Alaska Airlines ordered to pay $3 million over the death of a passenger
Alaska Airlines has been slapped with a huge fine after the court finds it guilty of negligence that resulted in the death of one of its passengers. The lawsuit was against the carrier’s unit based in Seattle.
The jury’s decision on Alaska Airlines’ lawsuit
As per Seattle Times, the family of Bernice Kekona has been awarded $3.19 million after the jury at King County Superior Court trial found that Alaska Airlines violated the Air Access Act.
It was explained that this law requires passenger carriers to provide the necessary assistance for travelers with disabilities. Under the provision, the aid should be given during boarding, deplaning, and when making flight connections.
The lawsuit was filed after Kekona died from her injuries sustained after falling from the escalator at Portland International Airport in 2017. She was said to have suffered from traumatic head and chest injuries plus infection that she got from her tendon injury. Kekona’s remaining leg also had to be amputated to save her life, but she passed away three months after the accident.
The jurors determined in the victim’s family’s wrongful death claim that Alaska Airlines surely breached the Air Carrier Access Act. They said the negligence led to Kekona’s injuries and death. The verdict was handed down earlier this week.
The victim and what happened to her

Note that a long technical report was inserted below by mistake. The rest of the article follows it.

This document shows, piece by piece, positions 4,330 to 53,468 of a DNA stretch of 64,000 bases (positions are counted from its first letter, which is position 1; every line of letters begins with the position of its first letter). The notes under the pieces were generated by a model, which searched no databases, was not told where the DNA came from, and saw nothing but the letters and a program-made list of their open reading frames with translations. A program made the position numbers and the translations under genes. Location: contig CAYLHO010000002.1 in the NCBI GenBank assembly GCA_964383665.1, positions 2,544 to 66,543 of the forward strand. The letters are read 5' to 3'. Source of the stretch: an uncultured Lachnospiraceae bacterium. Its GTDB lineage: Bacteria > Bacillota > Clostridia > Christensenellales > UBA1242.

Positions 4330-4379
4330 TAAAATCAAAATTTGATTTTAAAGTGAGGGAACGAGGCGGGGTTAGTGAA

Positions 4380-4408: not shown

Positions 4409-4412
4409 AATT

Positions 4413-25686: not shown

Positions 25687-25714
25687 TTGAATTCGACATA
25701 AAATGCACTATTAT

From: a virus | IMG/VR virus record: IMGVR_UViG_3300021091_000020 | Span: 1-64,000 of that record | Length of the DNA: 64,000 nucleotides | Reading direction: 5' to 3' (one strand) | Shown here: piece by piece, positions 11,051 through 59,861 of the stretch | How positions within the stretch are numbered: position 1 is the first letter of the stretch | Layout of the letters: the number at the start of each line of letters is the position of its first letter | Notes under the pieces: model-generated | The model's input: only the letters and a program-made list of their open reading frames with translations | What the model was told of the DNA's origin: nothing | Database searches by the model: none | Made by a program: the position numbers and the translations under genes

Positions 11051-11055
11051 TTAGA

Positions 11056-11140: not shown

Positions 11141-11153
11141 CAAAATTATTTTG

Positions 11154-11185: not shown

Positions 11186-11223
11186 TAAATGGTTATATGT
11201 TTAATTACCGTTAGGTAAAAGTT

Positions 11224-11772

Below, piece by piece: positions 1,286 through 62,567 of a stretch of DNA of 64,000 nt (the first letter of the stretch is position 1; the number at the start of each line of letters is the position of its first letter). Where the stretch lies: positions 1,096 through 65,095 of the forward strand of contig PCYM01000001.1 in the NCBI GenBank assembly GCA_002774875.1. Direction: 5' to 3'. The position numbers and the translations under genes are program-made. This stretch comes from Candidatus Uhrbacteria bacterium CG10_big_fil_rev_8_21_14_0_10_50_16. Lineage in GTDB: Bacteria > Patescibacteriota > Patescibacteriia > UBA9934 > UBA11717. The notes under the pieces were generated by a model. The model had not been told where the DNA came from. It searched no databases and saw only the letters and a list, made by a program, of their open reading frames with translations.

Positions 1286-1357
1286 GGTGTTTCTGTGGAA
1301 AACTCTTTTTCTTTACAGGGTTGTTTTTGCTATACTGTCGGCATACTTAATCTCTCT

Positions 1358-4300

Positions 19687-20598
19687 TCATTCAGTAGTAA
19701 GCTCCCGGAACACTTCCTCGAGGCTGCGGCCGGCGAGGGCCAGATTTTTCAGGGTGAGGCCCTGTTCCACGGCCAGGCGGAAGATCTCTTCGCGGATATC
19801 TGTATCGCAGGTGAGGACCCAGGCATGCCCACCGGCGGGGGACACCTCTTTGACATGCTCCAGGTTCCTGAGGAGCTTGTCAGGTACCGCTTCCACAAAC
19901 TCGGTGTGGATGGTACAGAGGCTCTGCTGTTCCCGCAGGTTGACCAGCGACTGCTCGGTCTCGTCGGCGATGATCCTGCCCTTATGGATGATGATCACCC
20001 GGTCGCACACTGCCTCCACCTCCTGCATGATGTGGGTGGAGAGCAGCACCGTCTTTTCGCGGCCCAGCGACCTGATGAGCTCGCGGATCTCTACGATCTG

Bernice Kekona is a 75-year-old disabled amputee from Spokane. In June 2017, she was traveling from Maui, Hawaii, to her hometown in Seattle, Washington.
After arriving at the Portland International Airport, she was booked on a connecting flight to Spokane. Her family said that the grandmother was supposed to have an escort that will bring her to the next gate for her next flight, but rather, the assistance worker left her alone in the lobby.
Since she could not ask anyone for help, she tried to go down the escalator by herself, and that was the time she plunged 21 steps down while still in her wheelchair. The incident was recorded on the airport’s security cameras.
Alaska Airlines said in a statement that they were disappointed with the ruling. In 2019, the carrier’s defense claimed that Kekona refused to be assisted and drove away from her gate. The escort service that her family supposedly contacted also said they were never told about the request to assist the grandmother.